Enforcing a custody Agreement in Florida You have a parenting plan that spells out what overnights the child is going to spend with you and what overnights your child is going to spend with the other parent. The judge reviewed and ratified the plan and made it a court order. There shouldn’t be any problems, right? After all, the judge has spoken by signing the order. It’s as clear as day, and we all know that if you violate an order from a judge you can get into trouble. Unfortunately, sometimes it’s not that simple. Sometimes we have to continuously deal with a parent who refuses to adhere to the custody agreement and violates the judge’s order. This article deals with what we do to enforce a custody agreement. How do we get the other parent to comply with the agreement so that exchanges and timesharing can go off without a hitch?
Goals When Enforcing a Custody AgreementBefore we discuss the specifics of how we actually go about enforcing your custody order, let’s take a moment to make sure we know exactly what our objectives are. For most people, the objectives are:
- To get the other spouse to comply with the agreement in the short term and in the long run.
- To get make-up timesharing if appropriate.
- To get the other spouse to understand that not following the rules has consequences and is not a good idea.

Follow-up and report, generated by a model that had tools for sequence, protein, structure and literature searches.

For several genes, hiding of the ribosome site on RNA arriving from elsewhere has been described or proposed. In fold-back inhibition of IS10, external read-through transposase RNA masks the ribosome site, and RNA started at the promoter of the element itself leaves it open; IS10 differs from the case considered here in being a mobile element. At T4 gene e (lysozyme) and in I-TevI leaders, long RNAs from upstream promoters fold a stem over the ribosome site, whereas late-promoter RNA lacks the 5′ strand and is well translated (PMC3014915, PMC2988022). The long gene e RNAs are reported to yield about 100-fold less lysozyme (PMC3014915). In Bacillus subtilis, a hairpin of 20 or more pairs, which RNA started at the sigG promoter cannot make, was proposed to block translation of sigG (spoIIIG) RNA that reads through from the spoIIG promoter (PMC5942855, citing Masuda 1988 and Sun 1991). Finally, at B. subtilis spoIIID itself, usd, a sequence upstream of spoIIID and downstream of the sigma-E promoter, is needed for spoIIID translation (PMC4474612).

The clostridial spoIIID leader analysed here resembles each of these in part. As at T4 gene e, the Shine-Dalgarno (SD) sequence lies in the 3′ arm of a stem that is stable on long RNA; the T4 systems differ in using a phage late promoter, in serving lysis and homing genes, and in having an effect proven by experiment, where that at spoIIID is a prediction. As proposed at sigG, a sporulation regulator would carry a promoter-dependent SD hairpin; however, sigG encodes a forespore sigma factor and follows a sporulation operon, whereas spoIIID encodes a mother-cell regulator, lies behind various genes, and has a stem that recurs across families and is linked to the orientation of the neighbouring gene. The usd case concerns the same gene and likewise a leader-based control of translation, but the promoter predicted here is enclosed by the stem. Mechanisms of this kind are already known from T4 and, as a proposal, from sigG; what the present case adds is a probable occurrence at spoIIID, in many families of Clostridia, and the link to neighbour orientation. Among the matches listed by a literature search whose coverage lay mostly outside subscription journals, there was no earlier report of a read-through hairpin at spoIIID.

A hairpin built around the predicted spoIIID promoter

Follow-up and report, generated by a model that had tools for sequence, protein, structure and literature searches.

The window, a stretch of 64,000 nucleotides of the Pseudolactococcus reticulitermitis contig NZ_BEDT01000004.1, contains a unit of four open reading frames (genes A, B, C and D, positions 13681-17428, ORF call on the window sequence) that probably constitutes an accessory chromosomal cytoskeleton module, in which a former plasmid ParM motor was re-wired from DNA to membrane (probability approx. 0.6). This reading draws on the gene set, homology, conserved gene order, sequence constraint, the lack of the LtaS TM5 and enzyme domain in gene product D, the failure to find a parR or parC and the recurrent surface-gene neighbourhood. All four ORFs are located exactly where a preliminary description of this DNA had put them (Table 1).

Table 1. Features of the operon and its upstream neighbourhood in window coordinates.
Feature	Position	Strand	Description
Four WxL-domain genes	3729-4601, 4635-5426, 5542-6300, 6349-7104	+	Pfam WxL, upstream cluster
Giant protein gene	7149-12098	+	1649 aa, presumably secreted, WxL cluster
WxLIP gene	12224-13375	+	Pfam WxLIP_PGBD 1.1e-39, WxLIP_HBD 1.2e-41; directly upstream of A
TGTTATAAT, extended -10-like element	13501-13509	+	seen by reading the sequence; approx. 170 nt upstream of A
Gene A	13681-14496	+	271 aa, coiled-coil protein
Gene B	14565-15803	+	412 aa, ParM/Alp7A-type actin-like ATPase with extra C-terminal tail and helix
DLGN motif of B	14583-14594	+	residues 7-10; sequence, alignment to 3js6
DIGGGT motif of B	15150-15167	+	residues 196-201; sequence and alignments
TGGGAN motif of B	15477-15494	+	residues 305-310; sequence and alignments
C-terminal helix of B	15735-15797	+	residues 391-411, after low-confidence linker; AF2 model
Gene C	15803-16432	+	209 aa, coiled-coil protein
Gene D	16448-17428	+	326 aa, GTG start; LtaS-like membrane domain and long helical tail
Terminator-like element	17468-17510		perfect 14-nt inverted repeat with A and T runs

Filing MotionsWith these goals in mind, let’s go over a typical course of action to enforce a custody agreement and to get compliance from the other parent.
- Filing a motion for enforcement of the agreement and a motion asking the court to hold the other party in contempt of court.
Enforcing the Agreement: What the Statute Allows You as a RemedyThe statute provides certain remedies when the other parent fails to honor the timesharing schedule without “proper cause.” Following are things that you may ask the judge and that the judge has the authority to order for you at the hearing. These include:
- An order that the parent who did not provide or did not exercise timesharing to pay the non-offending parent’s court costs and attorney’s fees for the enforcement proceeding (discussed above).
- Order the offending parent to attend a parenting class.
- Order the offending parent to perform community service if so doing will not interfere with the child’s welfare.
- Order the offending parent to bear the financial burden of timesharing if the non-offending parent and child live more than 60 miles away from the offending parent.
- On the request of the non-offending parent, modify the parenting plan if so doing is in the child’s best interest.
- Impose any other reasonable sanctions.
- Order that the offending parent be held in contempt of court. Contempt of court penalties can include costly fines and even incarceration!
- Order that reasonable make-up timesharing be granted to the non-offending parent.